After the failure of the Better Care Reconciliation Act (BCRA), Senate Majority Leader Mitch McConnell (R-KY) has reverted to the previously-rejected strategy of repealing major parts of the Affordable Care Act (ACA) with no replacement.
McConnell’s revived strategy of repeal and delay would cause immediate chaos in the individual insurance market despite putting off the implementation of certain provisions for two years. The Congressional Budget Office (CBO) has projected that this approach would increase premiums in the individual market to levels 20 percent to 25 percent higher relative to those under the ACA in the first year after enactment. By 2026, premiums would be about 100 percent higher than under current law.
Table 1 displays the effect that these increases would have on projected premiums. Under repeal, a 40-year-old would pay $1,100 more for coverage next year. By 2026, a 40-year-old would pay $6,500 more annually for coverage.
Notably, the actual financial impact on many enrollees would be even more extreme than these numbers indicate. Currently, the vast majority of marketplace enrollees receive tax credits that reduce the share of the premium they pay and more than half receive cost-sharing subsidies. Under the Senate’s plan for repeal and delay, these tax credits would be repealed after two years with no replacement.
To estimate what premiums would be next year, we used information on the 2017 average benchmark silver premium and inflated it to 2018 rates. Under implementation of the ACA, including continued payment of cost-sharing reductions and enforcement of the individual mandate, premium increases next year would reflect mostly increases in medical trend. The consultancy Oliver Wyman predicts that premiums should rise about 8 to 11 percent in 2018. We used the midpoint of this prediction, 9.5 percent, to estimate the 2018 premium for a 40-year-old under current law.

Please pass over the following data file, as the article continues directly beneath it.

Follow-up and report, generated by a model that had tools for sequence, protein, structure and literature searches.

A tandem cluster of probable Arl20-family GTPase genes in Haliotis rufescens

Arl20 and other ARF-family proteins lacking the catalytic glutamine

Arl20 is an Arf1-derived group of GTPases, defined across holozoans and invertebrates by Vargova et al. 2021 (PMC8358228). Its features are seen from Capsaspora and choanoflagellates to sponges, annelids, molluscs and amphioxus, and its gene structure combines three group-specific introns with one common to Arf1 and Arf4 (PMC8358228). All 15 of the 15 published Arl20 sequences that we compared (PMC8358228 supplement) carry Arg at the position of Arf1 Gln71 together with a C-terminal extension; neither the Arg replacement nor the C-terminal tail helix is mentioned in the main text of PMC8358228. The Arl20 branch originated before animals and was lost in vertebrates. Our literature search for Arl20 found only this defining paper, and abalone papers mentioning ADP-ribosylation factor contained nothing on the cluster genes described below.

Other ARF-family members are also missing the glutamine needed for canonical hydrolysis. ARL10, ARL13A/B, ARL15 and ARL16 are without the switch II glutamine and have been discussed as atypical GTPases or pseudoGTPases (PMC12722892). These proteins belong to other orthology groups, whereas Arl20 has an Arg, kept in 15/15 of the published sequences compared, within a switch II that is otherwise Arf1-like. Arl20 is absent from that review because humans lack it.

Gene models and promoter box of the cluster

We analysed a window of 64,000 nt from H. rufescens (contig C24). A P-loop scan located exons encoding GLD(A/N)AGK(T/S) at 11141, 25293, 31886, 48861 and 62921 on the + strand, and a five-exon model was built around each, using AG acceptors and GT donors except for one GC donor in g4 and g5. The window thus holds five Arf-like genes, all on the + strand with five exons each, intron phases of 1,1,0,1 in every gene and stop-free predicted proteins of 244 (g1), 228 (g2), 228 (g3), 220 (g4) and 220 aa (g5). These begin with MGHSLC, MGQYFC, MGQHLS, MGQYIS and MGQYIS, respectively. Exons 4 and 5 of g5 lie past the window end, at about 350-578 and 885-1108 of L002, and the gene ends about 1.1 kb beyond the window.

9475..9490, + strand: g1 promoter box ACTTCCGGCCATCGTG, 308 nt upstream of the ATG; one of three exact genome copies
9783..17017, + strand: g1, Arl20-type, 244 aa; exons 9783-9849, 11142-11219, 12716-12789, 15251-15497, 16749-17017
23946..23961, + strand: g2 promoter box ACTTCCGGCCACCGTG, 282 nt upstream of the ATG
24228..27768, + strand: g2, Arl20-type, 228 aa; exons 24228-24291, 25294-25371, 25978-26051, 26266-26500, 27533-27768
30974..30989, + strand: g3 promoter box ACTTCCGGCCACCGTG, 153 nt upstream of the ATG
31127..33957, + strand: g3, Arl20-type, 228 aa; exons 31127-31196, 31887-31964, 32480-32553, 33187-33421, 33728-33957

To apply CBO’s estimate that premiums would increase by 20 percent to 25 percent in the first plan year after a repeal bill’s enactment, we also used the midpoint, or 22.5 percent, for the 2018 premium difference. The CBO projected that the annual silver plan premium would be $6,500 for a 40-year-old in 2026 under the ACA. We applied the CBO’s projection that premiums would “about double” to estimate the premium for a 40-year-old in 2026 under repeal and delay.
Emily R. Gee is the health economist for the Health Policy team at the Center for American Progress. Thomas Huelskoetter is the policy analyst for the Health Policy team at American Progress.